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108 KINDS OF ECOLOGICAL KNOWLEDGE AND THEIR APPLICATIONS of studies, four questions are usefully posed (Beanlands and Duinker, 19831: Are valued ecosystem components expected to be affected either directly or indirectly by the project or action? Can the valued ecosystem components be studied directly? (In the absence of adequate guidance from experience or the literature, pilot investigations might be needed to indicate the feasibility of particular studies.) Is it possible to study valued ecosystem components indirectly? For example, because large carnivores are often difficult to study directly, the effects of an action on their prey base or their habitat could be studied instead. Studies of indirect effects are most appropriate when they are reliably associated with effects on the valued ecosystem components. Would the use of indicators of impact be helpful? (See Chapter 7.) Formulating a conceptual model of the relationships between the pro- posed action and the receiving environment can help to identify pertinent questions and potential environmental effects. The purpose of such models is to identify the physical and biological pathways by which an action can produce ecological effects. By focusing on relationships important to the manifestation of effects, they help to develop specific, testable hypotheses to explain why particular effects should or should not occur. Conceptual models can also help to identify logical errors, to highlight factors that require special study, to synthesize ideas and knowledge, and to com- municate information (Beanlands and Duinker, 19831; guidance for de- veloping conceptual models can be found in Holling (1978), Ward (1978), Fritz et al. (1980), and Beanlands and Duinker (19831. Multidisciplinary workshops can be used to articulate a problem and plan studies (Holling, 1978) and have been used to advantage in this way (ESSA, 19821. Given adequate time and resources, sophisticated modeling should be considered (Munn, 1979~. Basic guidance in development and use of such models can be found in Frenkiel and Goodall (1978), Holling (1978), and Ward (1978~. Quantitative modeling can help by forcing assumptions to be made explicit, by making their consequences clear, and by revealing the sensitivity of outcomes to details of various assumptions. Simulation models are necessarily based on numerous unverified assumptions and cannot predict quantitative changes very accurately (Hilborn, 1979; Wal- ters, 19751. But they can be useful in identifying potential qualitative effects and exploring the consequences of alternative management plans. Sensitivity analysis allows an exploration of the consequences of altering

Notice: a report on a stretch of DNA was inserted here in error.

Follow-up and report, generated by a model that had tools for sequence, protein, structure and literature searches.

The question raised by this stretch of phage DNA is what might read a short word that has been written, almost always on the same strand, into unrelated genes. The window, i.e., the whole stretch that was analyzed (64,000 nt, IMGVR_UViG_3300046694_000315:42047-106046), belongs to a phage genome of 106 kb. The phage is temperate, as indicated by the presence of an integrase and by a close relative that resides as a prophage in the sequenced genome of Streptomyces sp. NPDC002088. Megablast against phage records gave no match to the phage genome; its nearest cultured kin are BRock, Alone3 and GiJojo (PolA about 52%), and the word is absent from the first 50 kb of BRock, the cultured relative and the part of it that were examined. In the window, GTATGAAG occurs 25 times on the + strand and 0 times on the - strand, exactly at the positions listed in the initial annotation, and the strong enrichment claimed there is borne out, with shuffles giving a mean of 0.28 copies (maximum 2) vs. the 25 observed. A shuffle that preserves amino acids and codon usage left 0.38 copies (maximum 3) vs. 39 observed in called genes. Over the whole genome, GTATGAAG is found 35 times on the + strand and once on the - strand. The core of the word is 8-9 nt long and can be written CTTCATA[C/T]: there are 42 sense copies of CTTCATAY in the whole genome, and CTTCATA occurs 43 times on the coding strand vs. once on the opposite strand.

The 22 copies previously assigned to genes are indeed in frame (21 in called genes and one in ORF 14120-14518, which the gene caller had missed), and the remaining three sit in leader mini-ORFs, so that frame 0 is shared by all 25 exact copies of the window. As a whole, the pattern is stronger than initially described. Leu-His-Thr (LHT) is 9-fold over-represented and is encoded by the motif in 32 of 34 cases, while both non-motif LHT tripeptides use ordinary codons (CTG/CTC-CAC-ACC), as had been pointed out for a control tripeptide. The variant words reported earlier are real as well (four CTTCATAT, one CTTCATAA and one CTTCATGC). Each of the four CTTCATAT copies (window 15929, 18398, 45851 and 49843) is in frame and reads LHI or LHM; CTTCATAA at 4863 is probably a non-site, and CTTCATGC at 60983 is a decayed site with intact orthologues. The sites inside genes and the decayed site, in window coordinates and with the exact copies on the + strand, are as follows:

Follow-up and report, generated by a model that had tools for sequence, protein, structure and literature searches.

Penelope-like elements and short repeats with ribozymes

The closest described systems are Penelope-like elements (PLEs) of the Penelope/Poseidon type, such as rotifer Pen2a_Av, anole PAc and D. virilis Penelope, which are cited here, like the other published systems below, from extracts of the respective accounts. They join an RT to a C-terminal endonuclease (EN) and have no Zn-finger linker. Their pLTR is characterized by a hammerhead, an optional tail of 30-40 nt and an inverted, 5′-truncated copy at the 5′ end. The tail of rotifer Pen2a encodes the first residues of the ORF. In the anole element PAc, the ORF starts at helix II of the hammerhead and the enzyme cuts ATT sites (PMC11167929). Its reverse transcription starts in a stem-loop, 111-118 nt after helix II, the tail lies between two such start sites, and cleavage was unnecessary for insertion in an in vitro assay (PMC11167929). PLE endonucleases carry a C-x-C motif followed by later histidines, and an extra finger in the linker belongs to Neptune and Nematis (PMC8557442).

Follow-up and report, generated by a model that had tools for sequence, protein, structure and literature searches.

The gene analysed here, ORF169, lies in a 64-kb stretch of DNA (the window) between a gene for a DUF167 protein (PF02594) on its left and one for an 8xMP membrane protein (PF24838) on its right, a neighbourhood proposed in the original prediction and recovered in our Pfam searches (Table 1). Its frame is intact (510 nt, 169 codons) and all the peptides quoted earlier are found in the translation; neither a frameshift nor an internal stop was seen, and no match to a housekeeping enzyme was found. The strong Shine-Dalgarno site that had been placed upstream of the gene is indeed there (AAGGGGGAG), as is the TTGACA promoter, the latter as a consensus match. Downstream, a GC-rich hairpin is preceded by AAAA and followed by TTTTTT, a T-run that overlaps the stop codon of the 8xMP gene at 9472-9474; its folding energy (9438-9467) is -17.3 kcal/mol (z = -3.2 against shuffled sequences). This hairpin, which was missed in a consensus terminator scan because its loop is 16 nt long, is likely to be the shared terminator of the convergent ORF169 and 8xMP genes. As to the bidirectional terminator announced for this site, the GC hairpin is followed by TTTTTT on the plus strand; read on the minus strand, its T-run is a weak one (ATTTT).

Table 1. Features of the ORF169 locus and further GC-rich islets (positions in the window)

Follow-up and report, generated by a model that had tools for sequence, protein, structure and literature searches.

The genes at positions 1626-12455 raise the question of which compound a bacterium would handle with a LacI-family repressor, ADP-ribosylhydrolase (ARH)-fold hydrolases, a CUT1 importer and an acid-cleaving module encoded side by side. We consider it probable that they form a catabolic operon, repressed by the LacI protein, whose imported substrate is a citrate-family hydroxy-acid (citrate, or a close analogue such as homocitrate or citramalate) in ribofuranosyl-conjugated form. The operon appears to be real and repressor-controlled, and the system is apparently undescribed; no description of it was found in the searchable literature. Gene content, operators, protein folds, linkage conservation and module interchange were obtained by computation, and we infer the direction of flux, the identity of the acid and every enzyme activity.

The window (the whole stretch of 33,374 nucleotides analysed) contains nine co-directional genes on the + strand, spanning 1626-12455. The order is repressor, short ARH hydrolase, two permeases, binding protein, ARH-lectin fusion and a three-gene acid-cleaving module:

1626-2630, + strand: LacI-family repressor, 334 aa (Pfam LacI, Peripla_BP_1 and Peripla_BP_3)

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A SCIE=IFIC REWORK FOR EWIRONMEV~ PROBLEM-SOLVING 109 the assumptions of a model. Simulation models are often used in con- nection with freshwater systems (Chapter 21), in which the driving phys- ical and chemical processes are fairly well understood; fishery and wildlife management (Chapter 121; epidemiology (Chapter 151; and forest man- agement (Chapter 191. ESTABLISHING STUDY BOUNDARIES One of the first and most important tasks in the design of research on environmental effects is to establish a set of boundaries-temporal, spa- tial, and ecological. When might effects appear, and how long might they last? How long must studies last to allow reasonable predictions and reliable diagnosis of effects? Over what area will effects occur? Are there any natural barriers to the transmission of effects? Are any physical or biological processes likely to spread effects to other areas? What ecosystem components will be affected? At what levels of biological organization will effects appear? What species or ecosystem processes need to be studied and over what area? Boundaries in open systems, such as the ocean or atmosphere, are the most difficult to define. Variations in eco- system components of interest can strongly influence the time required for biological effects to appear (Holling, 1973~. Making judgments about boundaries is difficult, and many surprises have occurred. For example, large water impoundments can influence local climate or induce earthquakes (Baxter and Glaude, 19801. When DDT was first used as a pesticide, no one expected it to appear in animals in the ocean (Chapter 241. The DDT story and similar cases (e.g., that of acid rain) have shown that environmental effects can spread by subtle pathways. Assumptions implicit in management decisions might result in setting boundaries that omit critical processes. Attempts to increase stocks of anadromous fish by increasing reproduction in rivers might fail if survival in the ocean is already limited by food supply (Peterman, 19844. The cumulative effects of multiple actions have taught us that specific projects and actions must be viewed in the context of related actions (Odum, 1982~. Recent efforts to protect and conserve species have shown how management of a population requires consideration of its relationship with other populations (Franker and Soule, 1981; Schonewald-Cox, 1983; Soule and Wilcox, 19801. And only recently has it been recognized that systematic management procedures e.g., sex-biased or size-biased har- vesting-can lead to undesirable genetic changes over remarkably short periods (Chapter 11.